By Nicola Mabbott
Today was no ordinary day. It was Jamie’s 11th birthday. When the alarm clock woke him he was in the middle of a wonderful dream. He was dreaming that his mother had finally given him the one present that he had begged for every day as long as he could remember. A dog.
He sighed as he realised it was only a dream, and promised himself that he wouldn’t be sad on his birthday. Then, as he did every morning, he got dressed as quietly as he could. He carefully positioned a pillow horizontally on his bed, and silently pulled his bed cover over it. He didn’t think that his mother would check on him, but if she did, she would think he was fast asleep with covers pulled over his head.
Jamie looked sadly at the family photograph on his bedside table. It had been taken before the divorce, before his dad had left and gone to work in Madrid, long before mum’s new husband, Martin, had come along and spoilt everything. “My dad would let me have a dog”, he thought angrily.
The old window opened without a sound, and Jamie climbed out carefully onto the kitchen roof. Then he slid silently down onto the back yard wall. Next door’s dog was watching him expectantly. He put his finger to his lips in an attempt to stop the cry of excitement that could wake his mother and stepfather. Jess jumped obediently over the garden wall.
“Good morning young man”, said a middle-aged woman as he walked past the bus stop. “What a good boy you are, taking your dog out every morning, even during the summer holidays!”
He didn’t say that Jess was not his, but his neighbour’s dog, and if his mother knew where he was, she would be furious. He was too busy watching a family getting on the bus which was waiting at the stop. An announcement on the side of the bus caught his eye: “This month’s special offer: a family ticket for the airport service (2 adults and up to 3 children) - just ¬£15!”
He’d been to the airport with his dad on their way to Madrid. “So you could get there by bus”, he said to himself. It was a pity he was too young to go alone, and anyway, he would need his passport to get on a plane, and his mother had hidden it away somewhere.
When he returned home he opened the front door slowly, picking up the birthday card that lay on the mat. He heared his mother voice crying out “Where have you been? You know you can’t go out alone! Go to your room! I don’t care if it’s your birthday!”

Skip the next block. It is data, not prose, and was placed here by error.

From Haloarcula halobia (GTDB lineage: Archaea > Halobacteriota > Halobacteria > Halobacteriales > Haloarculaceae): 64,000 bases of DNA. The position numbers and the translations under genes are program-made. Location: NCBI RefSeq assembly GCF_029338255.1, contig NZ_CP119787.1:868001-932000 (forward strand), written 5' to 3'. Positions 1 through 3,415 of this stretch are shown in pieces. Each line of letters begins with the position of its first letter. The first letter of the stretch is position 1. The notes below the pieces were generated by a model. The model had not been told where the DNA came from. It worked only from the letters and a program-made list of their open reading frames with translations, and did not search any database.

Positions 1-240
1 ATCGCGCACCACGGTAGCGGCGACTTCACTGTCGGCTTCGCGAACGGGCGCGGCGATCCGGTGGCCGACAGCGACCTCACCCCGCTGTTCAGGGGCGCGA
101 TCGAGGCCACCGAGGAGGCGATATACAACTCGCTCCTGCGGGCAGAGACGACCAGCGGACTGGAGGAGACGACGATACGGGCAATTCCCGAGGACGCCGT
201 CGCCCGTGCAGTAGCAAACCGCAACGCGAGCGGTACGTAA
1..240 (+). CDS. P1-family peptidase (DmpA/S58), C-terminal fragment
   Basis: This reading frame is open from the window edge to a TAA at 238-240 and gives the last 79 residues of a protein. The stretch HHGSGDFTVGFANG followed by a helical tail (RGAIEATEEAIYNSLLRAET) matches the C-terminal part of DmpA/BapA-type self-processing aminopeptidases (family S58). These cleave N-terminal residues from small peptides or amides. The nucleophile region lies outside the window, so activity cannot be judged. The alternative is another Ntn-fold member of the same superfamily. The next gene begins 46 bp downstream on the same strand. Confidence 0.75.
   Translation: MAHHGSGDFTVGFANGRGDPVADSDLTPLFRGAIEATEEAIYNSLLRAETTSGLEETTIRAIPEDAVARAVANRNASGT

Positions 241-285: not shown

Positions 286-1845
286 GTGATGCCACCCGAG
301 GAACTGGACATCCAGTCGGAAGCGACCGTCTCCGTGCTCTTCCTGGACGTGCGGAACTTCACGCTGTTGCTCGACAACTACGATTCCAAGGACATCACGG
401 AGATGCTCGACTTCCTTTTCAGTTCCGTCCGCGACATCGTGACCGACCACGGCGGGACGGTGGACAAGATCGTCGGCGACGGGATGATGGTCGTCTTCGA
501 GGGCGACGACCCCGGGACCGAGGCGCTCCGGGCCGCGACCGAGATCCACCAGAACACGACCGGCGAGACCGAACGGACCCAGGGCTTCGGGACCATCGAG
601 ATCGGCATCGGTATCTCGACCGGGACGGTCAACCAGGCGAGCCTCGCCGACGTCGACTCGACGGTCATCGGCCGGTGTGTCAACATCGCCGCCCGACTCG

With a heavy heart, he walked slowly up the stairs. With the door closed behind him he looked at the anvelope. He recognised his aunt’s writing. He began making a plan in his head. He tore open the envelope and pulled out the card, anticipating the ¬£20 note which he would find inside. Then he remembered how that morning the woman had thought that Jess was his dog, just because they were walking together …
He pulled out his secret box from under his bed. He found his dad’s address in Madrid written on a piece of paper. He folded the ¬£20 note and put it with his dad’s address in his jeans pocket. He climbed back out of the window, down the roof and closed the garden gate behind him. Five minutes later he was on the same street as the airport bus stop, scrutinising the queue for the airport bus. Minutes before the bus arrived a family of four joined the queue. Perfect! He took his place behind them.
“A family day ticket”, said the man, as he handed over ¬£15. Jamie followed the family on board and sat as inconspicuously as he coule behind them. So far, so good. He could hardly believe his luck. Once at the airport, Jamie followed the family through the antrance to Departures. Then he tried to remember what he had done with his dad on the way to Madrid. No one seemed to notice the unaccompanied eleven-year-old. He looked at the list of flights on the screen. The next flight to Madrid was scheduled for 10.05. Then he remembered everything. He and his dad walked through the metal detector and put their luggage through the X-ray machine and then waited in the departure lounge before getting on the plane at gate number 41.
With this in mind, Jamie used the same strategy of waiting behind a family that he had used to board the bus. He could hardly believe that he had managed to pass safely through the security check. He then took his seat near the family in the departure lounge, and waited anxiously. When the boarding gate was announced, he felt his heart beating so loudly that he felt sure the people around him would hear and give the game away.
As he felt the piece of paper with his dad’s address in his pocket, he saw a large group of children of about his age on a school trip. He kept closely behind as they followed two teachers to the front of the queue. The teachers were too busy checking that no one was missing to notice that an extra student had attached himself to the group. Before he knew it, he was sitting by the window watching the houses and fields getting smaller as the plane took off. Five minutes later ha was fast asleep.
While Jamie was sleeping on the aircraft a tall dark-haired man was handing over his boarding card at the secutiry check at Madrid Barajas Airport. He smiled with enthusiasm as he thought that in about four hours he would be with his son for his eleventh birthday. What a surprise it would be for Jamie!
Jamie’s dad was already queuing to board his flight when the passengers from Jamie’s flight started to enter the airport terminal. They were just on the other side of the glass screen in front of him. He watched the passengers from Jamie’s flight walking by: businessmen, a family of four, a young couple, a group of excited schoolchildren and a boy who looked about Jamie’s age, who seemed to be travelling alone. “He looks just like Jamie!” he thought to himself.
[SpeakUp, aprile 2014]
Argomenti: birthday surprise, fiction, nicola mabbott
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